Excellence in Pedagogy : Some Obstacles to Integration for the Christian Psychology Professor


Rosemead School of Psychology

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Since its inception over 115 years ago the field of psychology has been enthusiastically embraced by Americans, and today its popularity appears unabated in both religious and non-religious circles. Its emergence and ultimate influence on American society was both swift and pervasive. Facilitating this growth was the zeitgeist of naturalism and scientism that characterized the intellectual landscape at the turn of the century. This resulted in founding fathers who cared little about theological, let alone integrative, issues. The ramifications of these historical developments are explored in this article, especially in light of the post-modernists’ vigorous challenges of psychology's tenacious reliance on the scientific methodology. For the undergraduate psychology professor who desires to teach the integration of psychology and theology, the question of “how” to teach integration, difficult as that is to answer, is now accompanied by the question of should one continue to espouse psychology as a science, if indeed it is only a matter of time before modernism, with which psychology has aligned itself, collapses. The purpose of this article is to briefly describe the current state of the field of scientific psychology, especially given this postmodern era, and to describe the healthy and unhealthy responses that psychology as a field has made to these challenges. Finally, the hindrances plaguing a coherent response from Christian academic psychologists will be explored and possible solutions will be offered.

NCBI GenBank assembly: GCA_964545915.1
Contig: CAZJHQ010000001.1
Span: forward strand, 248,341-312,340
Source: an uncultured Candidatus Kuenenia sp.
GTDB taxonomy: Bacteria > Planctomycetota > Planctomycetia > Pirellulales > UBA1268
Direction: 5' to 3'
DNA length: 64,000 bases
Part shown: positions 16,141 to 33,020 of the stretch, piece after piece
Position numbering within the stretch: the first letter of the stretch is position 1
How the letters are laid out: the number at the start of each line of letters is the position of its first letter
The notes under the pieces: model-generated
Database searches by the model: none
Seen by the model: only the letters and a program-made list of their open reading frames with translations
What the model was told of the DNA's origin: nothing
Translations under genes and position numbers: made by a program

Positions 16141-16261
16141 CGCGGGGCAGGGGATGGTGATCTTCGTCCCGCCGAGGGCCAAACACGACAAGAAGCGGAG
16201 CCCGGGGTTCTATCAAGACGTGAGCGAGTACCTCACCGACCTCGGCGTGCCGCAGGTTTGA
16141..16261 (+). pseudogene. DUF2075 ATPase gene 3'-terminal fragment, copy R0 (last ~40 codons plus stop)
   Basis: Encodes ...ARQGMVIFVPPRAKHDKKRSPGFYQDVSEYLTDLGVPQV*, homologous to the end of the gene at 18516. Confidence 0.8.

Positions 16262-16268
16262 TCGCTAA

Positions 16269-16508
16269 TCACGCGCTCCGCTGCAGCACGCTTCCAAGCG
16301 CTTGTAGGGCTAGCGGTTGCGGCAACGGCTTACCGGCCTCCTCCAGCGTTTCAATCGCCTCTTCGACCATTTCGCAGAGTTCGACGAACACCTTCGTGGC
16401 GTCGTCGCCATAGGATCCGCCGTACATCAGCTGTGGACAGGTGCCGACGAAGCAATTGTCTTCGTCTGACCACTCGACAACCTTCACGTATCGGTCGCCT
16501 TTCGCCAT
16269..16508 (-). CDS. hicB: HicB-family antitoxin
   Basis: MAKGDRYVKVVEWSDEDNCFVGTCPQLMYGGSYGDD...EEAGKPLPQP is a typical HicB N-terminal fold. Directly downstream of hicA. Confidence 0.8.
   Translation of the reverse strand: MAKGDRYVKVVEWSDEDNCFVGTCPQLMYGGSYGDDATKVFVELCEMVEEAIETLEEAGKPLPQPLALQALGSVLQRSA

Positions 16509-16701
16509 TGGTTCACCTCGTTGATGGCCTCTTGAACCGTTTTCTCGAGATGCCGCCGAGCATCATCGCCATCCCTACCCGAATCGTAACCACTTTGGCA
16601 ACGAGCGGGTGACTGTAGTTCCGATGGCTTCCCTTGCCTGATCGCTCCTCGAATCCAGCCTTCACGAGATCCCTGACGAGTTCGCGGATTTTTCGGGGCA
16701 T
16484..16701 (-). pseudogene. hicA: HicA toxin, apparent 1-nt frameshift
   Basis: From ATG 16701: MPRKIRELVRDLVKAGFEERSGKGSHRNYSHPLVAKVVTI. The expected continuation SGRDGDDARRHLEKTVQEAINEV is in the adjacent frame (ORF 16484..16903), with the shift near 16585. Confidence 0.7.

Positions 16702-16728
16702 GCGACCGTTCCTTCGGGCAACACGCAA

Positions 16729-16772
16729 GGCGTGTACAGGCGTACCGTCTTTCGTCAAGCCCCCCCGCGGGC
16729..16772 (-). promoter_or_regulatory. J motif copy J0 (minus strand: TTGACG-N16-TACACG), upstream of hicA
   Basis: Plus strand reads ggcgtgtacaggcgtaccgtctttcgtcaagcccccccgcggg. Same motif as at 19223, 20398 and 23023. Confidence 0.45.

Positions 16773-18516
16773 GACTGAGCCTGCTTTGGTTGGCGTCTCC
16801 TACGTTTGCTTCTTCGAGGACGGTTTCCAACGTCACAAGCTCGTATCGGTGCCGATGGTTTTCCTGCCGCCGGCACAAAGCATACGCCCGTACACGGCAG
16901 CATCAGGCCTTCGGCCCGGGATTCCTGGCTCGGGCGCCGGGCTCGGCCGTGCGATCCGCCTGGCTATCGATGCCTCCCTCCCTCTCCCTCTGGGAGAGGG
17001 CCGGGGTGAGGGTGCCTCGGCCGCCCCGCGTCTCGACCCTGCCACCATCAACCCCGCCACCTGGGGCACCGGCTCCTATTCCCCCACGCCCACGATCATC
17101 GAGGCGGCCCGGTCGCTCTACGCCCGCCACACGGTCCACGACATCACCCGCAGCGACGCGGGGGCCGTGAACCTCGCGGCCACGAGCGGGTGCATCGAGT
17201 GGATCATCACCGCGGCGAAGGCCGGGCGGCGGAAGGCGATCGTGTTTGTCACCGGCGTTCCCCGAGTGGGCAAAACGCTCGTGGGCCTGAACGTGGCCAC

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Journal of Psychology and Theology





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